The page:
You’ve just submitted your bid to the owner and discovered your estimator’s mistake that caused you to bid 10% lower than you otherwise would have. Can you obtain relief or withdraw your bid? In Texas, the answer depends on the type of mistake, when you notified the owner and usually whether the owner has accepted the bid or taken other steps in reliance of your proposal.
The Texas Supreme Court has explained that a bid mistake may be remedied if the mistake: 1) is of so great a consequence that to enforce the contract as made would be unconscionable; 2) relates to a material feature of the contract; 3) must have been made regardless of the exercise of ordinary care; and 4) rescinding the contract would not result in prejudice to the owner except for the loss of the benefit for which it bargained.
Generally there are two types of mistakes. A mistake of fact usually results from a clerical or mathematical error. Mistakes of judgment result when a contractor misinterprets the owner’s plans and specifications, or where a contractor understands the scope of the project, but incorrectly estimates the material, labor or other costs.
Mistakes of judgment will rarely support relief for the contractor.
In James T. Taylor & Son versus Arlington Independent School District, a case decided years ago, the Texas Supreme Court decided that Taylor’s $100,000 bid mistake that resulted from a mathematical error—when the estimator failed to carry a digit in his addition —was a remedial mistake. Taylor discovered the mistake the day after submitting the bid and promptly notified the school district, which refused to excuse Taylor from its bid. When Taylor refused to sign the contract, the school district awarded the job to the second bidder and sued Taylor for the difference between the two bids. As the Supreme Court explained, even though the school accepted Taylor’s bid, Taylor was entitled to rescission of its bid or relief against its enforcement because the mistake could be excused.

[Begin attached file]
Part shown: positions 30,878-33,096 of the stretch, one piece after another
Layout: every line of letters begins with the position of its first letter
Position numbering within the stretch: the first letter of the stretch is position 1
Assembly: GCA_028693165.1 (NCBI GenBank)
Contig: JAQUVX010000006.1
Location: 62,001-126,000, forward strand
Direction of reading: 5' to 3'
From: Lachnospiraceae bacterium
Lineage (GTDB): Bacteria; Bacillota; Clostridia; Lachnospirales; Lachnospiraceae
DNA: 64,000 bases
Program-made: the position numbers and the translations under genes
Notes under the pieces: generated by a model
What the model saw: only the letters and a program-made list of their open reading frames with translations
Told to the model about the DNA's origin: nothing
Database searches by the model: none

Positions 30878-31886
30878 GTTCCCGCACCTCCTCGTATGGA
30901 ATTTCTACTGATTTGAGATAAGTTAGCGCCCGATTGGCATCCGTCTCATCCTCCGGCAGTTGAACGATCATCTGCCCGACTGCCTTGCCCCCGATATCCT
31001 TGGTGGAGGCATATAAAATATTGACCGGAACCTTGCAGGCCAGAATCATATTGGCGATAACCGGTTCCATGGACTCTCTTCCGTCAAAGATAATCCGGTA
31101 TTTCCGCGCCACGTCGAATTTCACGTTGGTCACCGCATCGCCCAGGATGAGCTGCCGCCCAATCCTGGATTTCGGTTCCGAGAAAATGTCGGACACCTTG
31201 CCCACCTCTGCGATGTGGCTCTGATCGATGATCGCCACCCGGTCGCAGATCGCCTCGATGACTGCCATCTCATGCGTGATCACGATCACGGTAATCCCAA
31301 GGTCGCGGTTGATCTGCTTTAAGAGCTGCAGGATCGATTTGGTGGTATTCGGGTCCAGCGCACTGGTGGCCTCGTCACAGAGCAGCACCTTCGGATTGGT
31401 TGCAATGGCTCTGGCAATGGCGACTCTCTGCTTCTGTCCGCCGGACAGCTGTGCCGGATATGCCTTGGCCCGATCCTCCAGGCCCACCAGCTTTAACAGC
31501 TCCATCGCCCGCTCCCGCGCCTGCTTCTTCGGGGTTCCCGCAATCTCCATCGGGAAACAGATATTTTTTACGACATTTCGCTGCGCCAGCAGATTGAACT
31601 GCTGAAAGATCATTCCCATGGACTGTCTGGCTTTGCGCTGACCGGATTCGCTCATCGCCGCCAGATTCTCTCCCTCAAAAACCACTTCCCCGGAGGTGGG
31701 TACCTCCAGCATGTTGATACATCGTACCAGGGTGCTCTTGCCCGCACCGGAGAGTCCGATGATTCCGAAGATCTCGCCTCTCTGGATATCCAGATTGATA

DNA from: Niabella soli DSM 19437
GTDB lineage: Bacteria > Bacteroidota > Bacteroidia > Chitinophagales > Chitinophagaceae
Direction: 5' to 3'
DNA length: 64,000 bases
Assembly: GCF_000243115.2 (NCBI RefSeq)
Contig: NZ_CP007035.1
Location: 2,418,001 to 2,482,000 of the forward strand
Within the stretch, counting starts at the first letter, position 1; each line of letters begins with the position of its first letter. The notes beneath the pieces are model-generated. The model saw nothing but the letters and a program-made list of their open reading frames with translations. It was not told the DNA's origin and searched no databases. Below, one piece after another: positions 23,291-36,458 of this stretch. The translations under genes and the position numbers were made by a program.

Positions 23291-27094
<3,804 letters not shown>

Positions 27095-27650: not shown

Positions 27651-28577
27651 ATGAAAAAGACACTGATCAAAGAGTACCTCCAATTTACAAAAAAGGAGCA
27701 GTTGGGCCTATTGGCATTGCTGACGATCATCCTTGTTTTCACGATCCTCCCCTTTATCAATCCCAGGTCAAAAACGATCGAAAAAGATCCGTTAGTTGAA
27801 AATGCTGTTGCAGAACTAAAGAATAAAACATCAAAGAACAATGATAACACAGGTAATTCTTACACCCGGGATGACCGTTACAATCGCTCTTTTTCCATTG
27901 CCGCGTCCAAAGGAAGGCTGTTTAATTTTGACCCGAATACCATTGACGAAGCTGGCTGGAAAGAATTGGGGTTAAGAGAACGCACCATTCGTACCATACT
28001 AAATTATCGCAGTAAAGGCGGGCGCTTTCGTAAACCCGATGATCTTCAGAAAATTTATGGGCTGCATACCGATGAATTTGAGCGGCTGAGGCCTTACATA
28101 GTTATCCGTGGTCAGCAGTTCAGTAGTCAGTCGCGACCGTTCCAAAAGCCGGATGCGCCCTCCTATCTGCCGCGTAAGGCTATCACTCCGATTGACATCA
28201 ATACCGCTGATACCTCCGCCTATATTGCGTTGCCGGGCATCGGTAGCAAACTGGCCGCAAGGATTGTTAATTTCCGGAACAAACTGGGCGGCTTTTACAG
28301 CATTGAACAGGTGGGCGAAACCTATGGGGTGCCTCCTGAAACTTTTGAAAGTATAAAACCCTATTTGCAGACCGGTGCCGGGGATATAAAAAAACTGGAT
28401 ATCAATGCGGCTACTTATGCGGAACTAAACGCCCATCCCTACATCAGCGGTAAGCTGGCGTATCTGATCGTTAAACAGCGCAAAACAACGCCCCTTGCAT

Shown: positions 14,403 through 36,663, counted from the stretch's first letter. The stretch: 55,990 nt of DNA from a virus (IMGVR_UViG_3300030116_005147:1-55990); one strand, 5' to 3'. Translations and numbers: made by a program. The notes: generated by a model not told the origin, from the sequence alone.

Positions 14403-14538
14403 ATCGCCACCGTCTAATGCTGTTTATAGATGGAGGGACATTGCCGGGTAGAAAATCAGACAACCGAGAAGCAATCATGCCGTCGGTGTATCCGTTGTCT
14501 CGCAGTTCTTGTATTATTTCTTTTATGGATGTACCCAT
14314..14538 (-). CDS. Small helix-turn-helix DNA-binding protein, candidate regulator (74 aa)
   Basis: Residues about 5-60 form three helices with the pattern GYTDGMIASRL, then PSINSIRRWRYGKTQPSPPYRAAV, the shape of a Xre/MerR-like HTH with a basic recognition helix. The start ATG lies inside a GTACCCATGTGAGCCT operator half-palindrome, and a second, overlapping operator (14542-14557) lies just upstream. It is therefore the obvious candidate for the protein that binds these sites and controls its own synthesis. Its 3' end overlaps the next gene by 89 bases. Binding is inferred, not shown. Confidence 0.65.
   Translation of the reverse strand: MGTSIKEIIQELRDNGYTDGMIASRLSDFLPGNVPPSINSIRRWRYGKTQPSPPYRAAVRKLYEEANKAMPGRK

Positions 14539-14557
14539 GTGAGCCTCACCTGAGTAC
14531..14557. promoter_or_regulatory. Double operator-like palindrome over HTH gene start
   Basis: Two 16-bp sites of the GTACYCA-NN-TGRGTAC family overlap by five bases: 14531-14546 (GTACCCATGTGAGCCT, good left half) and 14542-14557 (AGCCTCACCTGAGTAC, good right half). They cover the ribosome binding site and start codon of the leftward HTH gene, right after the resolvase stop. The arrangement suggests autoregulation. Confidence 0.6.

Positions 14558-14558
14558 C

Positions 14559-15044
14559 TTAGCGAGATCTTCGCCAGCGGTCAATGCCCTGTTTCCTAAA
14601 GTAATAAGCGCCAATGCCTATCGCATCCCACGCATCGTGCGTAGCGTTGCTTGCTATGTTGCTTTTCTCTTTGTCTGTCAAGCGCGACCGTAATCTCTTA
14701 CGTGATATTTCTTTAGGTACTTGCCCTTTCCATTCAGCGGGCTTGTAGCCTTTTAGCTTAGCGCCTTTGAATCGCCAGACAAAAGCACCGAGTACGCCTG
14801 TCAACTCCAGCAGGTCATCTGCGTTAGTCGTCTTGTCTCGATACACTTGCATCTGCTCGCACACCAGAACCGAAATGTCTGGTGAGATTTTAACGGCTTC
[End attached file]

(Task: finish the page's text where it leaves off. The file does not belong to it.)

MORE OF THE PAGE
The third factor is often the most important when evaluating whether a clerical or mathematical error will qualify as a remedial mistake, entitling the contractor to relief.
What do the courts mean by “the mistake must have been made regardless of the exercise of ordinary care?” As the Texas Supreme Court explained, another way to look at it is to ask if the contractor’s negligence “amounts to such carelessness or lack of good faith in calculation, which violates a positive duty in making up the bid.”
Most contractors understand that the time leading up to competitive bidding opportunities is frantic and involves many computations and bid adjustments in order to take advantage of last-minute subcontractor and supplier quotes. For example, if your mistake occurred during this usually hectic period of time, why did it occur? Does your estimating department have an established bidding process to receive, track and integrate last-minutes quotes into the proposal? Is the established process equal to or better than similar processes used by other contractors? In other words, did you act as a reasonable contractor would have acted in a similar situation? This generally is the test you must pass. Make sure that you have an established process in place that you can point to in support of a need to seek relief for a bid error.
Relief for a remedial mistake is not automatic. It is important to quickly notify the owner in writing of the mistake before the owner acts in reliance on the offer. To award relief, a court must be able to place the parties back in the position they occupied before the mistake was made. One Texas case involved a situation where an owner relied on a bid by buying land to construct the building. When the mistake was raised, the bidder couldn’t be excused because it was too late.
Subcontractors and suppliers who discover bidding errors should follow the same general rules described above. Timing, however, becomes a problem for many subcontractors and suppliers because in many situations the general contractor has relied upon the quote in developing its bid. If the general contractor wins the bid that includes a subcontractor’s mistake, the owner will likely be unconcerned about the subcontractor’s bidding error.